Politicians: They're just like us!
Actually, no, they're definitely worse.
You probably don't commit food-stamp fraud. Or illegally trespass on a military base to go hunting. And we're going to go out on a limb here and say you definitely aren't spending your spare time trying to have sex with farm animals.
But your local elected representatives do! Here are five memorable times they embarrassed themselves (and, by default, the entire state.)
1. Frank Antenori was charged with illegal hunting at Fort Huachuca.
The former Republican whip for the Arizona State Senate claimed that he was the victim of retaliation from the army base. "They literally closed it ... because of me, to stop me from hunting there in archery deer season," he told the Green Valley News.
2. The time David Farca was sued for fraud
Doug Ducey's appointee to head the Arizona-Mexico Commission was chosen on the basis of his entrepreneurial expertise. That got awkward when he was sued for taking more than $200,000 from a man who'd paid him to remodel his vacation home ... and allegedly never doing the work.
3. Cecilia Velasquez stole $1,726 in food stamps.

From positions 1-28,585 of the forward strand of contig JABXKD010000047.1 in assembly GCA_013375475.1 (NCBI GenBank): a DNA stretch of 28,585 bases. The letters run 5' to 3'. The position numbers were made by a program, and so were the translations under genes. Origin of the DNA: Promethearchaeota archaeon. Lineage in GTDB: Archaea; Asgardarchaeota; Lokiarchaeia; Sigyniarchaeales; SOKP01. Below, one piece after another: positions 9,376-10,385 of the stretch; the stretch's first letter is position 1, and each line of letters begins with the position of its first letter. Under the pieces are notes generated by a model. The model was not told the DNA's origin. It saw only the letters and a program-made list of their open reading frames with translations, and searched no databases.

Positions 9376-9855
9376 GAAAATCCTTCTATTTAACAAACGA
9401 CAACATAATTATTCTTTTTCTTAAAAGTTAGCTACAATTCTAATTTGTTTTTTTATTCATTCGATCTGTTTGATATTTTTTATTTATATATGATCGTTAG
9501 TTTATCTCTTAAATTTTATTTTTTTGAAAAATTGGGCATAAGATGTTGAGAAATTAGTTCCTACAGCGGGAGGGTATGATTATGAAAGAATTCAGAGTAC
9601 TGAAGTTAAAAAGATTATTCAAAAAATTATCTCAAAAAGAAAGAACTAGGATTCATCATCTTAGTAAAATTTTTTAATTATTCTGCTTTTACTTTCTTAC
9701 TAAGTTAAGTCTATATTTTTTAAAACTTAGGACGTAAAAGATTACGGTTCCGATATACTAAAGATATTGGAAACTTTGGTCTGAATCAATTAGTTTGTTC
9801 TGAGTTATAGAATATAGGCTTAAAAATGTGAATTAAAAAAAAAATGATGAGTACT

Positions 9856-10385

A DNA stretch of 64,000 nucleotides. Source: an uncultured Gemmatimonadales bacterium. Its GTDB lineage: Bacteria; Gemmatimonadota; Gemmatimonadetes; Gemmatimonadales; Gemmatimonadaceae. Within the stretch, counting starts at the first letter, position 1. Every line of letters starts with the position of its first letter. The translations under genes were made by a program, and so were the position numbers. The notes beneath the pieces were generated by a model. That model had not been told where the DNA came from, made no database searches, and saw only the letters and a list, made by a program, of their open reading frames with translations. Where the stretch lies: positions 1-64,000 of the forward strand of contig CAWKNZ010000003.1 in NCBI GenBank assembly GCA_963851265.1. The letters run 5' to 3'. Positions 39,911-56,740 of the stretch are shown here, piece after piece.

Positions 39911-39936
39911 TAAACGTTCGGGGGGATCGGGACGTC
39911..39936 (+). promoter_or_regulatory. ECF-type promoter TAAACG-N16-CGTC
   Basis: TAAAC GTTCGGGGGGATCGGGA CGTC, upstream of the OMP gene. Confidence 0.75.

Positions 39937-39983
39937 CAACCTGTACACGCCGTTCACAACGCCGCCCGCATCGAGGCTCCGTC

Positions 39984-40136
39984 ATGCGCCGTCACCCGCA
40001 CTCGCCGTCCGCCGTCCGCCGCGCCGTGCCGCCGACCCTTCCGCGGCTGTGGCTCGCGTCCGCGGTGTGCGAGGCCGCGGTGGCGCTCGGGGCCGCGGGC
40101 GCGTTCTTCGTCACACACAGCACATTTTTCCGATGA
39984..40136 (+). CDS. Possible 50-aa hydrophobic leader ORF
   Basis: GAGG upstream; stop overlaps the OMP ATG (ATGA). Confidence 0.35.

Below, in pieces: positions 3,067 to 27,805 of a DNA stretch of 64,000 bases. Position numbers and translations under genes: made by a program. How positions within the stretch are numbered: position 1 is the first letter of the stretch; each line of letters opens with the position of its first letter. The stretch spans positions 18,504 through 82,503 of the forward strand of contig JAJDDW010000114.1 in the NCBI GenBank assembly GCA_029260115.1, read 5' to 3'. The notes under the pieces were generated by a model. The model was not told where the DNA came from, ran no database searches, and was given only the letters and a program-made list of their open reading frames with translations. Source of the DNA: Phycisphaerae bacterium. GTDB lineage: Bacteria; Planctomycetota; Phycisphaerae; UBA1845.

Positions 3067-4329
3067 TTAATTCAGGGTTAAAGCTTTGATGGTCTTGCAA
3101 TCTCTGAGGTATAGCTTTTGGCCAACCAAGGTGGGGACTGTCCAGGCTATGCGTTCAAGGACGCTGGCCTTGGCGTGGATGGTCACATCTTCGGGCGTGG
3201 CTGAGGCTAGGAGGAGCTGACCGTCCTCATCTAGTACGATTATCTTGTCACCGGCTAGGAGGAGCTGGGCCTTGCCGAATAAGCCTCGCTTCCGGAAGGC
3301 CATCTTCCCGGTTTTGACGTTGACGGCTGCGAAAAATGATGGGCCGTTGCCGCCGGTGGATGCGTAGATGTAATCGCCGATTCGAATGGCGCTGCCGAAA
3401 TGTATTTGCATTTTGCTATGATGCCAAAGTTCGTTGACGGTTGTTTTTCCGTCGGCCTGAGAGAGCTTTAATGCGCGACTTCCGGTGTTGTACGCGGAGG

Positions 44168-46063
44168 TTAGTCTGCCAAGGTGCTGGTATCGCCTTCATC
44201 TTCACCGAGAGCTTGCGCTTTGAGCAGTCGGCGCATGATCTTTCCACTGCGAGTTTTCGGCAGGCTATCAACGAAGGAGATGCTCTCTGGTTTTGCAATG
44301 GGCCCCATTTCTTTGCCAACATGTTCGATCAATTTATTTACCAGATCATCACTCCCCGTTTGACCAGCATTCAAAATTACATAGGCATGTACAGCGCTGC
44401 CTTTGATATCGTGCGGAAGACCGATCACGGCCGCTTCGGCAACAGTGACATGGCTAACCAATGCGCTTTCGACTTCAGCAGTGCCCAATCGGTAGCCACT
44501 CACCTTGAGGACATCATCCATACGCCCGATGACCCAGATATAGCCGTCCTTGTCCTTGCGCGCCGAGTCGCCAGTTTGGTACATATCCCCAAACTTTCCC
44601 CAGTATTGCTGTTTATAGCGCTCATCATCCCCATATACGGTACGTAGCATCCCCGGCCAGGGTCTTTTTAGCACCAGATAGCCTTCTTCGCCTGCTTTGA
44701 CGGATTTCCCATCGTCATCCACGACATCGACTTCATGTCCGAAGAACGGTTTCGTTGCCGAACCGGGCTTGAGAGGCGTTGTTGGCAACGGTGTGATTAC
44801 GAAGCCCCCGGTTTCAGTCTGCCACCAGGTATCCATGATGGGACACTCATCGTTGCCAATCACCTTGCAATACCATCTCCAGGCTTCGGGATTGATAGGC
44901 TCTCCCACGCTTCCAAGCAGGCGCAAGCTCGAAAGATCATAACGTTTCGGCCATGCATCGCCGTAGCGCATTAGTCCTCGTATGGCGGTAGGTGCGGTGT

A tip to the Department of Economic Security's Office of the Inspector General revealed that Velasquez, a Democrat, had falsely claimed to be living with two dependents so that she could receive SNAP benefits. Though Velasquez called it a "political witch hunt," she also declined to run for a second term.
As Facebook users mourned the many celebrities that died in 2016, Townsend, an East Valley Republican, responded with a post saying that 2016 had been a great year, and "the real reason that many of these people are dropping like flies is because they were druggies." She later apologized.
It might be a stretch to call the Mesa Deputy Fire Chief a politician, but Leroy Johnson (who, as you might have guessed, is no longer employed by the fire department) deserves an honorable mention on this list anyway — if only for the number ofbad jokes
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